You may have noticed a huge increase in the number of announcements about forthcoming electric vehicles – the latest is the Renault Kangoo be bop Z.E.
Renault has made a demonstrator vehicle available for test drives. The idea is to prepare motorists for the experience of electric driving, 18 months before the launch of the first commercially available models.
It features technology currently under development, although Renault promises that the performance will be much improved by the time of launch.
In 2010, Renault will bring out prototypes of the forthcoming electric Renault Kangoo Express for road-test purposes and to show how the project has progressed. The first production electric Renault Kangoo Express will be available by the middle of 2011.
The Renault Kangoo be bop Z.E. prototype is powered by a 44kW (60hp) electric motor and is equipped with a 15kWh battery. With just 18 months remaining before the release of Renault’s forthcoming production electric vehicles, the Kangoo be bop Z.E. provides a range of approximately 100km. By the time of their launch, Renault says that its electric vehicles will have benefited from an evolution to their battery technology which will take their real-world range to 160km. The prototype has a top speed limited to 81mph.
The electric motor has energy efficiency of 90 per cent – better than the 25 per cent of an internal combustion engine, which suffers from considerable energy losses. The motor is coupled to a reducer with a single output ratio which replaces the gearbox.
The 250kg battery is housed underneath the floor, between the front and rear seats. The battery of the production electric Kangoo Express will be located underneath the boot floor, without affecting cargo space.
The batteries are lithium-ion units produced by AESC (Automotive Electric Supply Corporation), a Nissan-NEC joint venture founded in April 2007. The performance of these batteries compared with former-generation nickel metal hydride batteries is much better, including range, performance, reliability and safety.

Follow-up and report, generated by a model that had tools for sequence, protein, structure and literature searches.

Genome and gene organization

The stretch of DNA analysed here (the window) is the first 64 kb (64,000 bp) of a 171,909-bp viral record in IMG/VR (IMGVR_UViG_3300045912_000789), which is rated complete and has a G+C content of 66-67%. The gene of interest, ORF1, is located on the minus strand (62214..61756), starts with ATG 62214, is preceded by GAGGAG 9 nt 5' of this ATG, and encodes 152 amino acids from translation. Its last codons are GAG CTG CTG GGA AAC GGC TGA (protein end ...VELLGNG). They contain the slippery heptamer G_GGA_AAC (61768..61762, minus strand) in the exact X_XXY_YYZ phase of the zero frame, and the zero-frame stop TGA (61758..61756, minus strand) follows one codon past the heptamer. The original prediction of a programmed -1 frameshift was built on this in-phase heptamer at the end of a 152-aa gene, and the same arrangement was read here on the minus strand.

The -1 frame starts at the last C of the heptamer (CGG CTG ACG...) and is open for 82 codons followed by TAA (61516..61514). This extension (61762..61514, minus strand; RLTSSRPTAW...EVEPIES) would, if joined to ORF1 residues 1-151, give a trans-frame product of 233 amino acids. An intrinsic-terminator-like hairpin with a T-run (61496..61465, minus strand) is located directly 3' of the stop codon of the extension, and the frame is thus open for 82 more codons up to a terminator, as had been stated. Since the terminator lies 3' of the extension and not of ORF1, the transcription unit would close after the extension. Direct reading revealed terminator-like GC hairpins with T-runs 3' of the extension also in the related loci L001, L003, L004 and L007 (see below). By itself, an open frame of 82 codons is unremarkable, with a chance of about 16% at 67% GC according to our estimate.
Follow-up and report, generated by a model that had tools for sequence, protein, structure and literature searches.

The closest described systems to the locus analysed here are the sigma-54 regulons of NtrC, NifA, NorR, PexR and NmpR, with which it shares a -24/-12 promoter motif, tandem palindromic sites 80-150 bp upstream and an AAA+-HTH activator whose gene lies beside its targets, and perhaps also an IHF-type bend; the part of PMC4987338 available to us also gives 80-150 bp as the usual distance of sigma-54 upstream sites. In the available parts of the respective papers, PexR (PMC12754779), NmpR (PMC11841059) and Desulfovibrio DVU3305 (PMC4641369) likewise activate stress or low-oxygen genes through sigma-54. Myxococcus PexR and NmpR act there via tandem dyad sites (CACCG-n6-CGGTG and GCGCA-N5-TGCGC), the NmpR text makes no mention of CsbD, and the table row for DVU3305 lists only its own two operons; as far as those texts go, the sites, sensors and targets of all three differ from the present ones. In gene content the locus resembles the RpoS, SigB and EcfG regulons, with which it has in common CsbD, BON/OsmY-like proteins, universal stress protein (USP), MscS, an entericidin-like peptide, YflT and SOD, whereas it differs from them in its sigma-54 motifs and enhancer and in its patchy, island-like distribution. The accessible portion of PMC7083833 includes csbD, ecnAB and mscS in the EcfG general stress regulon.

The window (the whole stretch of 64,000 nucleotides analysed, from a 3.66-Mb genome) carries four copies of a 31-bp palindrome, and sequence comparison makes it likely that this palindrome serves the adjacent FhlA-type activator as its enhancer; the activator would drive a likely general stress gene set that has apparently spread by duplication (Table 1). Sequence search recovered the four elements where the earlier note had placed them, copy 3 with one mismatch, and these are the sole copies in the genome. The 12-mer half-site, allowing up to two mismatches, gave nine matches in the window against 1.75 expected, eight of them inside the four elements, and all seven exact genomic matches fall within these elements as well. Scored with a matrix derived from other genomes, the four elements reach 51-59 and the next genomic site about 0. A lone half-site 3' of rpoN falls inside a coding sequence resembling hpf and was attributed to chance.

Lithium-ion batteries do not suffer from the so-called memory effect resulting from incomplete charge cycles which can ultimately lead to a fall-off in capacity. The AESC battery is maintenance-free and is expected to deliver between 80 and 100 per cent of its original capacity for an average duration of six years. It will also be possible to charge it for short cycles with no adverse effect on capacity.
Lithium-ion batteries are recyclable and the Renault-Nissan Alliance is actively working on establishing recycling processes and infrastructures suited to automotive batteries. Made up of non-toxic materials (lithium, manganese oxide or iron phosphate, and graphite), lithium-ion batteries do not present any danger to the environment, unlike former nickel-cadmium batteries.
Renault claims that even with current power generation in Europe, the CO2 emissions of an electric vehicle are half those of an internal combustion-engined vehicle – and less if the vehicle is charged at night – the most likely option.
The Renault-Nissan Alliance is aiming to become the leading manufacturer of mass-market, ie. affordable, zero-emission vehicles. As well as the electric version of the Renault Kangoo Express, an electric saloon will also go on sale in 2011.
The Alliance is actively forging associations with governments, city authorities and energy companies with a view to promoting the widespread use of electric vehicles across the world. The Alliance has already signed 26 such partnerships (up to the end of May 2009).
Although Renault and Nissan are seeking to share components, they are developing distinct line-ups of electric vehicles, with each line-up to be marketed and distributed separately.